How do we know where we belong? We define ourselves by our connections with others, with the people we see and interact with every day.Life on Mars—a series about a police detective who is hit by a car and is inexplicably thrown back in time from 2008 to the same New York precinct in 1973—is wrapping up its run. Sam still doesn’t know if everything he’s experiencing is all a coma-induced dream he’s having in 2008 or if he’s really there in 1973—or why. He is literally in-between times and places.
—Sam’s voiceover at the beginning of the "Revenge of the Broken Jaw" episode of Life on Mars
“Revenge of the Broken Jaw” opens with Sam talking with Dr. Goldman, a psychologist who is helping work through the aftermath of being shot. The doctor tells Sam that it’s natural after such a trauma to put up emotional walls. He observes that Sam is “reluctant, even frightened to let people in.” He tells Sam: “You need to tear these walls down, Sam, reach out to the people you care about. Let them into your world. You’re not in Hyde anymore. It’s time to start making this place feel like home.
As in previous episodes, Sam’s literal situation often reflects places we all find ourselves in. We are all on our way somewhere—even if we don’t know where, we are searching for that place. And in many ways, each day of our life could be said to be in-between times and places. Along this journey, it’s easy to become myopic, focused on our own goals and agendas, on the places we are going and aim to be. And if we have lost something dear along the way, we often sink even deeper into ourselves and away from others. In the process, we lose focus of where we are right now. We hide ourselves away from others. We miss the people around us.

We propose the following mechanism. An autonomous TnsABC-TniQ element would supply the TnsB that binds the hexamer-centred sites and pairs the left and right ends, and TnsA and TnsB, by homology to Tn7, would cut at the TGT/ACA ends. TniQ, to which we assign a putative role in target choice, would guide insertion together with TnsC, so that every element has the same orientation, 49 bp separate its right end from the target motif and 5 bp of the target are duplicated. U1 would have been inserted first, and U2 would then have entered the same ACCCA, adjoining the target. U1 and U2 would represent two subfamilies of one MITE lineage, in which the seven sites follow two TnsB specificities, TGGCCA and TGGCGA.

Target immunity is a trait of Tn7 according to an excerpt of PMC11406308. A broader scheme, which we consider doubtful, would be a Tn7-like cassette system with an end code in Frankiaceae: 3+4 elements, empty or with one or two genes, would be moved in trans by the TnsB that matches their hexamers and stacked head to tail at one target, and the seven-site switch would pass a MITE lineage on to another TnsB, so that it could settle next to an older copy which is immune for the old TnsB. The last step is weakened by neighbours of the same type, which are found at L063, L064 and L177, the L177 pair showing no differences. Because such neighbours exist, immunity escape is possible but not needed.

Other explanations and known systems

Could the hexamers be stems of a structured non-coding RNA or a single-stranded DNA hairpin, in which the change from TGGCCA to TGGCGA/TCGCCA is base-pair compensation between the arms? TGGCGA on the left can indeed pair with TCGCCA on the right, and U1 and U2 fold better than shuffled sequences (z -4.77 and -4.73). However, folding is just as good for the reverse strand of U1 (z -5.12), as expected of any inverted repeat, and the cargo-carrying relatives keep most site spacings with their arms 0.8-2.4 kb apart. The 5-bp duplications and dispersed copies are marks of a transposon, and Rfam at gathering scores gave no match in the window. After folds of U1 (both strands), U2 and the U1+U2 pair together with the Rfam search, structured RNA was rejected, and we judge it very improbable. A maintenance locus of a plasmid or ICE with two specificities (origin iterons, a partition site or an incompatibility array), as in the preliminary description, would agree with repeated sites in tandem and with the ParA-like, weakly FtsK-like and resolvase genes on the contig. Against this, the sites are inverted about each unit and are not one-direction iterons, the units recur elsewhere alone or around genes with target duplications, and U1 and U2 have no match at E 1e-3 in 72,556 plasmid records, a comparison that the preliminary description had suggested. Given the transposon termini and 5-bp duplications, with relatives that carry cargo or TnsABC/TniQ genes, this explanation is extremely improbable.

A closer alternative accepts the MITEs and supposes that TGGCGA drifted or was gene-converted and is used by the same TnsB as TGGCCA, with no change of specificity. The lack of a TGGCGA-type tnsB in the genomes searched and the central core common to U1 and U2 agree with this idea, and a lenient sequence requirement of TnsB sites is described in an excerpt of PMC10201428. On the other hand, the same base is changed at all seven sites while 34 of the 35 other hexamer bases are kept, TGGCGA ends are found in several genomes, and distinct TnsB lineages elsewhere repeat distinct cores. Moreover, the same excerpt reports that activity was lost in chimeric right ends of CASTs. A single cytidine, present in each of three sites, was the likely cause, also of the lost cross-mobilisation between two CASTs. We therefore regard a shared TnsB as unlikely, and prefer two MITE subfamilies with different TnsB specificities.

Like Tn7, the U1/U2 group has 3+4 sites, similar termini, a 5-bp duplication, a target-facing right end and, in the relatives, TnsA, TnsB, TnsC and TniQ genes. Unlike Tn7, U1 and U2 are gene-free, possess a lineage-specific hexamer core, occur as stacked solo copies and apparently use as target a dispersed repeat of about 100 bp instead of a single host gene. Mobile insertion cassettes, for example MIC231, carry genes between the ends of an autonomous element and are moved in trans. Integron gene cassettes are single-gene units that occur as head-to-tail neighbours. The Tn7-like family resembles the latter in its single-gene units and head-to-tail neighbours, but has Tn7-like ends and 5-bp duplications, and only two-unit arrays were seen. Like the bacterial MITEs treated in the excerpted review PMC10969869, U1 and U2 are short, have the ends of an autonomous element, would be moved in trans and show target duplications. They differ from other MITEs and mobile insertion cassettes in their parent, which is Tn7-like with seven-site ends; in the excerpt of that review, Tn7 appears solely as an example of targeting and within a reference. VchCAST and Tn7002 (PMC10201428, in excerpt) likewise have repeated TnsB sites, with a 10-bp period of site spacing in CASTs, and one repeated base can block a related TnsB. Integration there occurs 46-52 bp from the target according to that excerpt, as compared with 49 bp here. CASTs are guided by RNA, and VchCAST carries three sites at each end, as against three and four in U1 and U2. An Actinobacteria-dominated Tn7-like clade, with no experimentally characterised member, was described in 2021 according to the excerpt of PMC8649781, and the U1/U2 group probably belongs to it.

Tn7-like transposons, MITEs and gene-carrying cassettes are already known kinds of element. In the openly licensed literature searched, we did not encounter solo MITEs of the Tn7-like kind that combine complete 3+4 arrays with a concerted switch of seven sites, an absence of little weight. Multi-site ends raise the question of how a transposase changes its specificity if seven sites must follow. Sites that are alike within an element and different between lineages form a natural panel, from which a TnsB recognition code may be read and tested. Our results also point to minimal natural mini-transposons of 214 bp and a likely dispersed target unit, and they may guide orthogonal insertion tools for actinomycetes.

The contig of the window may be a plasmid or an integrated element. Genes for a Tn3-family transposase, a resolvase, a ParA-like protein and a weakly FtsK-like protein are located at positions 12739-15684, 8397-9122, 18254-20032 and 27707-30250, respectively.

Throughout the series, Sam has been struggling with how to feel about those around him. If it’s all a dream, do these people matter? If he’s really there but will eventually find his way back to 2008, how close should he get to them? In this episode, however, Sam comes to a kind of truce with it all. He commits to drawing closer to and intentionally caring about those around him—and, as he has throughout the series, he does this through paying attention and helping those around him. And people’s lives are changed for the better because of it, even in the presence of suffering.
At the end of the episode, Sam’s talking to the therapist again:
Dr. Goldman: I think you know, Sam, that when things we care about go away it can be easy to forget our place in the journey.Far too often, we are so focused on where we are going that we ignore where we are. But what’s important is here. Now. Those we are with. Those we cross paths with. The people we see and interact with every day. Those we are in a room with.
Sam: That’s why I think I’m ready to start living, here in 1973.
Goldman: How did you come to that conclusion?
As Sam talks, we see images of the people who have become his friends.
Sam: Because there are some things here that make breaking down those walls absolutely worthwhile. Because I think I have to begin to make peace with the now. But I have to tell you, Doctor, that as long as I’m here I can never, ever stop trying to find my way home.
No, we can’t stop finding our way our home. We are all wanderers, exiles on our way to that far country for which we were created. But as we go, here and now and in the moments of our day, we must love those with whom we meet and journey. For along the way, we define ourselves by who and how we love.
(Image: ABC) miscctgy